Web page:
Written by: Khalif Thompson
Today in Hip Hop News, we sadly report that Mutulu Shakur, Pac's stepfather, has been jailed for more than 35 years and has been diagnosed with a rare and incurable form of blood cancer.
Doctors have given the 71-year-old up to six months to live, and campaigners are pushing to free the American activist and former Black Liberation Army member so he may say farewell to his family.
Brad Thomson, Shakur's lawyer, told NBC News, “His health situation is extremely dire right now. He’s very much on an end-of-life trajectory. We’re looking at a matter of months at the most but, realistically, it could be a matter of days or weeks.”
He went on: “At this point, the issue is getting him released so he can say goodbye to his loved ones, his family, his children, and grandchildren. To be surrounded by loved ones, so he can die in dignity, peace and comfort outside of prison.”
Shakur, who was diagnosed with myeloma in 2019, was sentenced to 60 years in jail in 1988 on offenses that included bank robbery, armed bank robbery, and bank robbery murder. He was also convicted of helping Assata Shakur, 2Pac's step-aunt, in her escape from a New Jersey prison in 1979.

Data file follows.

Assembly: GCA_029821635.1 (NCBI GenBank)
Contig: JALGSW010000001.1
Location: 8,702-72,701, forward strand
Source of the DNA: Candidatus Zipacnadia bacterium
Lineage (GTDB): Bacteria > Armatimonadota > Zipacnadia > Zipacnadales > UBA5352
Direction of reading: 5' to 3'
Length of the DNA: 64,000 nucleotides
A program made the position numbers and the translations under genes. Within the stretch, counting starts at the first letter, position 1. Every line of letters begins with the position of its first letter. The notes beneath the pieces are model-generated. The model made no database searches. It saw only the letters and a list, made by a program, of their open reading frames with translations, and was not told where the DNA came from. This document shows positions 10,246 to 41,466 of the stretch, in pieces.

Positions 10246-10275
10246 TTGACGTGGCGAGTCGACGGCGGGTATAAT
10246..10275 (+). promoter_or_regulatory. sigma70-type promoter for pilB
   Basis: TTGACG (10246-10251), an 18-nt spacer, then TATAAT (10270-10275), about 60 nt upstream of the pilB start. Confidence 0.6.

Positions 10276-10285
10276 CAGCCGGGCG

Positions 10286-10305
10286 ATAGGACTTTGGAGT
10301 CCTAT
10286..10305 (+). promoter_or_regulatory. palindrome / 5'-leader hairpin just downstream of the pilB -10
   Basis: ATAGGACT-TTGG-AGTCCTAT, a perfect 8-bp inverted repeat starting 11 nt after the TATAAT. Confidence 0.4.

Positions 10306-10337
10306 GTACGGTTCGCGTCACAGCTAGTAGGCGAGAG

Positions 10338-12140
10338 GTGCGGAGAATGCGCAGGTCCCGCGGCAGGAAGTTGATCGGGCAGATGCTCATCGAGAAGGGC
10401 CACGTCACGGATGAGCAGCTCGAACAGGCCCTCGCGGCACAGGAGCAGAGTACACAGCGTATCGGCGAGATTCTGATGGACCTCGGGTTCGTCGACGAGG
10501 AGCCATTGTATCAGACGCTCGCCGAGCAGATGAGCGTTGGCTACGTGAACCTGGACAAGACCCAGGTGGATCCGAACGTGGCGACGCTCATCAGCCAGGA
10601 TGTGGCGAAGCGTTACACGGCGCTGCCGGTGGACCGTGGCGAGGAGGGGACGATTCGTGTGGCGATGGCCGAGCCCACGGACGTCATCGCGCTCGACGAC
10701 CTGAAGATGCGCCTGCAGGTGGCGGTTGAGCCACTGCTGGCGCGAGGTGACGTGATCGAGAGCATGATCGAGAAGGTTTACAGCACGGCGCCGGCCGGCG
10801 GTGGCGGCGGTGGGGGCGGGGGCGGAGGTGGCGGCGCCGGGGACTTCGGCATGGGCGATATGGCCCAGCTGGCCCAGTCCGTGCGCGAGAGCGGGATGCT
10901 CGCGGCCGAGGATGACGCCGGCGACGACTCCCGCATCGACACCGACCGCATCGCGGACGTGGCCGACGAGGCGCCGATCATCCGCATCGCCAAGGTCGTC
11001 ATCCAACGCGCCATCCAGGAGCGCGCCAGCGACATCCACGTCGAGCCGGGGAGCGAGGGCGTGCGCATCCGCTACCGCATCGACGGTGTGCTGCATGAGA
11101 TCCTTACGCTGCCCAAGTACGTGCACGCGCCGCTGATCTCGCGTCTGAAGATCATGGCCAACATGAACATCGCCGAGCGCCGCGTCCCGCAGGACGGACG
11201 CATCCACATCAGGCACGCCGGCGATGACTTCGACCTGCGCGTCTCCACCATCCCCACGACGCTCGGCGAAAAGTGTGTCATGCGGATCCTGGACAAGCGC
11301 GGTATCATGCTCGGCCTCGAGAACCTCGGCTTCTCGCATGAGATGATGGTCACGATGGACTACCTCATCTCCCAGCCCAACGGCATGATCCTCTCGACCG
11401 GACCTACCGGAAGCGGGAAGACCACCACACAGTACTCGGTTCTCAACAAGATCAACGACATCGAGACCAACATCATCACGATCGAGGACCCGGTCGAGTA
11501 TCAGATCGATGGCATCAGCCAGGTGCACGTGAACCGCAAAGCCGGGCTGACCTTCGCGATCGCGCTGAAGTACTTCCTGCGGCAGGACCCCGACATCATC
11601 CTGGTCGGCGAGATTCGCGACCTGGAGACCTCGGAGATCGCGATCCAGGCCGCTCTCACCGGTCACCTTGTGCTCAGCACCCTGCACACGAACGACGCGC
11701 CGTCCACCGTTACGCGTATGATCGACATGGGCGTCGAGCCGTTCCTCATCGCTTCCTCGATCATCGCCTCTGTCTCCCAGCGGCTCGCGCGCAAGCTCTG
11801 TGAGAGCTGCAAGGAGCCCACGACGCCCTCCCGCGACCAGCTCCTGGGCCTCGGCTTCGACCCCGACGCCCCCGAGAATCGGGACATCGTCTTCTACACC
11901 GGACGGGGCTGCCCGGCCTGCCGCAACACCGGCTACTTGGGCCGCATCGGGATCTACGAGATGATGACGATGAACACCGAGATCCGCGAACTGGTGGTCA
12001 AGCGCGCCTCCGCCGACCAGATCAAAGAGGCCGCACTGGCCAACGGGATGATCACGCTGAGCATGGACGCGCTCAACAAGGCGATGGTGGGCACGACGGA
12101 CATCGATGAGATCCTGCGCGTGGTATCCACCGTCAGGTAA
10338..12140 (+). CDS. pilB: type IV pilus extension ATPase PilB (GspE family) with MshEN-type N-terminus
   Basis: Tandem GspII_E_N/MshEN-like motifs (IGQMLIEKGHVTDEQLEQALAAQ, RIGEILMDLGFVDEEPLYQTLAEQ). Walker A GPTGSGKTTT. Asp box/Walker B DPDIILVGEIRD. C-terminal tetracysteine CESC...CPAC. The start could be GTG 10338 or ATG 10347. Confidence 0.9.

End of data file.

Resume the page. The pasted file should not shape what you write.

Following his diagnosis, Shakur petitioned for "compassionate release" in May 2020, but U.S. District Judge Charles Haight Jr. refused his request, stating that his health hadn't worsened sufficiently and that his crimes were too serious.
Haight later expressed in the ruling, “Should it develop that Shakur’s condition deteriorates further, to the point of approaching death, he may apply again to the Court, for a release that in those circumstances could be justified as ‘compassionate,'”
A representative for the United States District Court acknowledged that Shakur had filed for parole once more, and that the motion is presently pending. He is now being held at a federal medical facility in Lexington, Kentucky.
Shakur's followers have always contended that his actions were political, not criminal. Jomo Muhammad, a Malcom X Grassroots Movement leader working to free Shakur, told NBC News that his detention was related to his activity with revolutionary Black organisations in the 1960s.
Muhammad comments “Fifty years later, the United States government continues to hold a grudge. You can make the argument that he is, in fact, a political prisoner.”